Access is a phenomenal tool for working with many data sources. You may have long known that you can easily import or export data in a wide array of formats. However, we had a scenario where we needed to process data from external data sources. The processing runs frequently so importing data would bloat the front-end file quickly. Furthermore, in this situation, creating a 2nd copy of Access file as a temporary database to avoid the bloating was not an viable option. What choices did we have? That’s where we noticed a dearth of information regarding opening or linking to non-relational data sources. So, let’s do a deep dive on this subject.

This blog series aims to fill a gaping gap in Microsoft’s documentation on opening or linking to text or Excel as the data source in Access applications. and other sites provides some breadcrumbs. You also can usually discover some of the behavior by using Access’ wizards and then examining the objects after. However, seconding-guessing is not terribly useful. Hence, this series of articles will discuss about how to use Excel and Text files as data sources without necessarily importing or exporting the data.

Please note that the series would not be possible without the help of Dan Haught and Jim Ferguson, who co-authored Microsoft Jet Database Engine Programmer’s Guide. Even though the book is long ago out of print, it is still a valuable book if you work with DAO a lot.

Access and non-relational data sources

Access has always supported using Indexed Sequential Access Method (ISAM) as a potential data source, which enables it to import, link or export to non-relational data sources such as text files or Excel spreadsheets and even other file formats such as Exchange, dBASE or FoxPro. DAO makes it possible because it has the ISAM drivers that can work with those formats. However, I’m going to focus on text files and Excel spreadsheets as they are more common sources where we need Access to work with. If all you’ve ever done is import data using External Data tab via Access, it can seem magical but in reality, all of Access’ features is available to us as programmers at the level of DAO.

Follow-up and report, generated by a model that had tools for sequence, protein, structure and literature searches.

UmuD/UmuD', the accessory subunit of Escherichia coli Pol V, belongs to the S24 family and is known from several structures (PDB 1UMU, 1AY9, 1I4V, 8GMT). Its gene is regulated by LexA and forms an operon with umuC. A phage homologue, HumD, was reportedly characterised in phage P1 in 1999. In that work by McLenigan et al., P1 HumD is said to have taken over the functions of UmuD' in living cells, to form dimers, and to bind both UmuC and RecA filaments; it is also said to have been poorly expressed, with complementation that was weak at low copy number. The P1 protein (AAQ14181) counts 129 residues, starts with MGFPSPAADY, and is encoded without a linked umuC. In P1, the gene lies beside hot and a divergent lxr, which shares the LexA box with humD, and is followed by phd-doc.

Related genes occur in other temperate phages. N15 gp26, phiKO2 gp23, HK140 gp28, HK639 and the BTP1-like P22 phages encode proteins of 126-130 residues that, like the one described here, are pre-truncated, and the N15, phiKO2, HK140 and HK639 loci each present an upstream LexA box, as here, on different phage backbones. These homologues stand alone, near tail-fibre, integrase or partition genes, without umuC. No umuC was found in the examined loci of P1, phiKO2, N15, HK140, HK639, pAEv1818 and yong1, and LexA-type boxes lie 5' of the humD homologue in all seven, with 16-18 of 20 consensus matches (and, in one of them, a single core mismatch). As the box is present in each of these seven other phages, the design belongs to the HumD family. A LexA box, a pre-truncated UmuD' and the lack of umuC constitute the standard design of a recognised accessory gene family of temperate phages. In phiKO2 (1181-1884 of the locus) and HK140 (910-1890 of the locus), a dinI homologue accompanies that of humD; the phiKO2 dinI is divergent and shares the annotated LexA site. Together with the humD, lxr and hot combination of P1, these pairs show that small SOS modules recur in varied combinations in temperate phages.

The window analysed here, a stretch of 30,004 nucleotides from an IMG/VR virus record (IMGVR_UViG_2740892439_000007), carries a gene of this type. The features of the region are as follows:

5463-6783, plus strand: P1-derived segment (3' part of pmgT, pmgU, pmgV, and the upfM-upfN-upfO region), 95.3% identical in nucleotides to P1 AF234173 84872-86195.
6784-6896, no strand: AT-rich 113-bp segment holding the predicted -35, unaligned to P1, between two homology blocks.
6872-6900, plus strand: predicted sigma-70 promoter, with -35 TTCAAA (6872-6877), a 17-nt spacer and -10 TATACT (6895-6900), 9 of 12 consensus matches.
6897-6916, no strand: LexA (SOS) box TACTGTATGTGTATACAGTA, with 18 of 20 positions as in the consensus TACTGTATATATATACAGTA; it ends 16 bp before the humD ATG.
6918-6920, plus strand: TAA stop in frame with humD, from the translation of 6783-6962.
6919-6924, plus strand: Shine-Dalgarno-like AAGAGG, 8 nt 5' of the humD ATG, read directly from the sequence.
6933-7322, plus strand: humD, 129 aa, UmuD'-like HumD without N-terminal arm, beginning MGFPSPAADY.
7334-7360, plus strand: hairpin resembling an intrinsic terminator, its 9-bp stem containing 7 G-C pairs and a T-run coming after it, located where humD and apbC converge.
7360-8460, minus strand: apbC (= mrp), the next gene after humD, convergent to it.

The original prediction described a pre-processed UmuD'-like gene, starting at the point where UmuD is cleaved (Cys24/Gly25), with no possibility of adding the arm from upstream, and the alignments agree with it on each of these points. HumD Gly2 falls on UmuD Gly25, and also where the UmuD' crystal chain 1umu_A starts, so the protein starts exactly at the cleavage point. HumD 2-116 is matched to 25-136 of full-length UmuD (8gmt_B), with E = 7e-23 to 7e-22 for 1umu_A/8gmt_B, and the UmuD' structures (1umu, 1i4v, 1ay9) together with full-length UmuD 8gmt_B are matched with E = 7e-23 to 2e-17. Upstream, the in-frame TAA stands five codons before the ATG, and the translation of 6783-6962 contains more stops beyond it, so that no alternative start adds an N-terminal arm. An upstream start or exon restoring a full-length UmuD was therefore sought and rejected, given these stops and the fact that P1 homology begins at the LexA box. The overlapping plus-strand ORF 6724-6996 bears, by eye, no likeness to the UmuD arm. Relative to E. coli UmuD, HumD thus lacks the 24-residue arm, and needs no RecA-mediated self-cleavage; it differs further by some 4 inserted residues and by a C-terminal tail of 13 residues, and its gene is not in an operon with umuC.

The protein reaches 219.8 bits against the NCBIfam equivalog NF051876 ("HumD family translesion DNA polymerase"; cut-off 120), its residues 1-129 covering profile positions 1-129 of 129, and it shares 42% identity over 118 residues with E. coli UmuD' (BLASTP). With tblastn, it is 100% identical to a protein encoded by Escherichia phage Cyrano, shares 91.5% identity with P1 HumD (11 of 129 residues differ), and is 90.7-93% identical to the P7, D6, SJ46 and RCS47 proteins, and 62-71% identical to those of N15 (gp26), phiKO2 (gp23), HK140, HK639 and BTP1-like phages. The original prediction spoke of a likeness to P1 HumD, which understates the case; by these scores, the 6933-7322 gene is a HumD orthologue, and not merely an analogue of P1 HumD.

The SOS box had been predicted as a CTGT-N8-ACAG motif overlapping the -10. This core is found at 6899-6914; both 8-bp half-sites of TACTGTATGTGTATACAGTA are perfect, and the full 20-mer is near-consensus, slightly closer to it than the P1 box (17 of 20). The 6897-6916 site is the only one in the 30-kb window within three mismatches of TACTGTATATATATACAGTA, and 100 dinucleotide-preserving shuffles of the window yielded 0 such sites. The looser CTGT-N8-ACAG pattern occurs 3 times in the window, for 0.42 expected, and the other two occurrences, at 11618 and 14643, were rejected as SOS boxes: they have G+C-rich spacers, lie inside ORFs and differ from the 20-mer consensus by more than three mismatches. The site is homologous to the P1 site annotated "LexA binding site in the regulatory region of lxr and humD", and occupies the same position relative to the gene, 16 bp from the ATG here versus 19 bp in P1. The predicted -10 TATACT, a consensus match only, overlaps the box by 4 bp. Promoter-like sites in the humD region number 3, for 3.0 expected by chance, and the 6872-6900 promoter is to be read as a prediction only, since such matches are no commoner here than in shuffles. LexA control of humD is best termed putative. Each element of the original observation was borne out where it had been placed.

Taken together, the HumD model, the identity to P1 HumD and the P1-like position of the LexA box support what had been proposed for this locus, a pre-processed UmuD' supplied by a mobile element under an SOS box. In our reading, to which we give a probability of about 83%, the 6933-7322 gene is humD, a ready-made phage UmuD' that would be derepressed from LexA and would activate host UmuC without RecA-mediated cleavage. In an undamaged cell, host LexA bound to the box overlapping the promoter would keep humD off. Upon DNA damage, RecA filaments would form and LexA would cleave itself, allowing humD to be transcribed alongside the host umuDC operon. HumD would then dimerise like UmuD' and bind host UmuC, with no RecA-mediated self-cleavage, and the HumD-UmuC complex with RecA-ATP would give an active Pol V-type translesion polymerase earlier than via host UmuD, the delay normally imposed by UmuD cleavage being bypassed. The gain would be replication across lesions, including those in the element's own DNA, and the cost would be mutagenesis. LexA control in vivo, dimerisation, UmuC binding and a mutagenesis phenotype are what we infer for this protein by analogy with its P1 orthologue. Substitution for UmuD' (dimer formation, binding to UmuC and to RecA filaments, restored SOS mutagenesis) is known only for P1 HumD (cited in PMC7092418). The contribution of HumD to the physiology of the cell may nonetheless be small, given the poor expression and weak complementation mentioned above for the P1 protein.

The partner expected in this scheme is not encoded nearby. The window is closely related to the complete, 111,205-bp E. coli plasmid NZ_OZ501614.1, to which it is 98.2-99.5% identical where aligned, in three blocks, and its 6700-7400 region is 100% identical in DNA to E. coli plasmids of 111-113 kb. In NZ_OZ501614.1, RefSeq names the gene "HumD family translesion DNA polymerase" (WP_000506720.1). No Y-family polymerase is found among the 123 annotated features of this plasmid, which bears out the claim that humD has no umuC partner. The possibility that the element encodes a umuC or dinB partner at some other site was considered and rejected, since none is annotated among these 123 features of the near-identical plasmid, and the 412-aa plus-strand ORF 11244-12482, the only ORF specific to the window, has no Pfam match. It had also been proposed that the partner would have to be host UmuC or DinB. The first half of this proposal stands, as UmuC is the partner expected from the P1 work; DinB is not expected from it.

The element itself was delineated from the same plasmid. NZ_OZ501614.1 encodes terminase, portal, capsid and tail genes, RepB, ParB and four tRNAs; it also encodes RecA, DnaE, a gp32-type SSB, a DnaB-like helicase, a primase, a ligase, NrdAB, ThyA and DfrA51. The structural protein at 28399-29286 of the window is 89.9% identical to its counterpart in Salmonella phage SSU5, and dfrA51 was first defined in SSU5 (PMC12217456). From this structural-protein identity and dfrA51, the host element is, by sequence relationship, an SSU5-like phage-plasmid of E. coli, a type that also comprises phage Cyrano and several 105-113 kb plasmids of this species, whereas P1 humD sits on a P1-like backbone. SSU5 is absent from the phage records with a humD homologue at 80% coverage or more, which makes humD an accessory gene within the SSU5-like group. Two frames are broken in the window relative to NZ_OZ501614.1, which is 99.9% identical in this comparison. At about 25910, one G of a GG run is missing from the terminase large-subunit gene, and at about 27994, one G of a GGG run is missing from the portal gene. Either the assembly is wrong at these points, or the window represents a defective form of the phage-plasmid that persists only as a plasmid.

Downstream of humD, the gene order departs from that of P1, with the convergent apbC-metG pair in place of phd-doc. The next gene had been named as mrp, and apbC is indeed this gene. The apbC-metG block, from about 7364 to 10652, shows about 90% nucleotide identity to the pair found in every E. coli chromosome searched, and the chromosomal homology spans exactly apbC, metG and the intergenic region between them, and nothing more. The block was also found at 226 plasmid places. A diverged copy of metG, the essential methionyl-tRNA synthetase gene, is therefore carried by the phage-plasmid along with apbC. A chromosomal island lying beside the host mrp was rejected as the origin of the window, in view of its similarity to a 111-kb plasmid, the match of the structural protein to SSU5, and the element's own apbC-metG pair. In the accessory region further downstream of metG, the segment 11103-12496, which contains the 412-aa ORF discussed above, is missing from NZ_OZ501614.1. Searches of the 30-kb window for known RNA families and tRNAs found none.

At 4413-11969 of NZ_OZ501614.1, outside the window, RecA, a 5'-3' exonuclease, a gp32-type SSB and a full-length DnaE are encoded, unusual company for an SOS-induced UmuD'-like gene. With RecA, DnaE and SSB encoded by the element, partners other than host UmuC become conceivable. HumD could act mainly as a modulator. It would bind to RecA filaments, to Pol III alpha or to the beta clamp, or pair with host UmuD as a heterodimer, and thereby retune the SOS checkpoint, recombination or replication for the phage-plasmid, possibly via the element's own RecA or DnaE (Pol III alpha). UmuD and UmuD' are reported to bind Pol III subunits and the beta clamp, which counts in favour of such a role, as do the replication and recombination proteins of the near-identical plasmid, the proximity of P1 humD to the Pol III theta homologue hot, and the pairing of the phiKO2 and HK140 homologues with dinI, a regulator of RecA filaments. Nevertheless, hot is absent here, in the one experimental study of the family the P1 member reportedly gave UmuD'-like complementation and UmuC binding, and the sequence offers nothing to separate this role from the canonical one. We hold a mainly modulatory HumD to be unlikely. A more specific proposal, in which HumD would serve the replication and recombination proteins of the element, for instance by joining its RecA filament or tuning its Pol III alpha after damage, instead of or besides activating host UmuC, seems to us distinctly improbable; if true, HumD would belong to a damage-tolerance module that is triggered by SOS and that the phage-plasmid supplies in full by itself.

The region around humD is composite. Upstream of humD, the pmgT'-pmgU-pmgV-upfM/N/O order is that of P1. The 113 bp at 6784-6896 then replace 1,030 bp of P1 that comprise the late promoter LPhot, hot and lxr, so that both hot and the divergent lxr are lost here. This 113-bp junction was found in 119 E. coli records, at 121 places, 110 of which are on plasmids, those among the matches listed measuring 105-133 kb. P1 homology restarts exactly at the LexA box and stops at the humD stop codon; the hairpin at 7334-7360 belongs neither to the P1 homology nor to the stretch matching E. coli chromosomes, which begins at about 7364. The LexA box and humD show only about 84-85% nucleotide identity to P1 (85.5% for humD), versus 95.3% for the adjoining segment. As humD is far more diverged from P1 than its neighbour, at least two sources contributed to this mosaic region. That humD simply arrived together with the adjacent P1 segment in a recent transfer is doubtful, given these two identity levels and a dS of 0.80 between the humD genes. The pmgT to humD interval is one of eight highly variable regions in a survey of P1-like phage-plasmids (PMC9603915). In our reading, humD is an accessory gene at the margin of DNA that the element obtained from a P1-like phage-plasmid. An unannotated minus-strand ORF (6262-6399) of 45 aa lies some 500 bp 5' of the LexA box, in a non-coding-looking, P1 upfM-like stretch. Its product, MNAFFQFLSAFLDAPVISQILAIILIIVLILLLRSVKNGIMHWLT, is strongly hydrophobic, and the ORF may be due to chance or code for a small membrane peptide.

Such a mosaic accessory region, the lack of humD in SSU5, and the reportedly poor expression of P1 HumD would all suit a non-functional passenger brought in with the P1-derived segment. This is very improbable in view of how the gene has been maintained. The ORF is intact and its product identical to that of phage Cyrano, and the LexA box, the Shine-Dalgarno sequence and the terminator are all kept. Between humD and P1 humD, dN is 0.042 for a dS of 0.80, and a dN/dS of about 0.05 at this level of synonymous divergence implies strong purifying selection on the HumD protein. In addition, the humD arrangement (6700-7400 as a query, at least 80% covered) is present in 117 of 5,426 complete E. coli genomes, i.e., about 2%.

So let’s forget that wizards exist. Let’s forget about the shiny icons on the ribbon. Let’s forget that there’s linked tables. Let’s just use VBA code to work with data sources, out of the thin air. Can we? Absolutely. First, we will look at the difference between linking and opening a data source.

Linking vs. Opening

To help with the terminology, we need to make a distinction between linking vs. opening. Linking means that we create a linked table which is now an Access “table” that we can use just like any other Access table. As such, it’s a permanent object defined within the Access application. In contrast, opening is when we access the data source directly by using DAO’s OpenDatabase method. By its nature, opening a data source will usually done via VBA code as you will see shortly.

Setting up the samples and code

Because the series is about understanding the nitty-gritty details of how Access interacts with those data sources, we will first focus on opening instead of linking here. So, how do we open an Excel spreadsheet? Surely, it’s not a database? Let’s set up a minimum example to start with. In a folder, C:\Links, we’ll create an Excel spreadsheet and an Access database file, named Products.xlsx and Sample.accdb, respectively:
Sample setup for opening Excel in Access

The Products.xlsx is a simple spreadsheet with only one sheet with this contents:
Sample spreadsheet to be opened by Access

With this, let’s add VBA code in the Sample.accdb. In a standard module: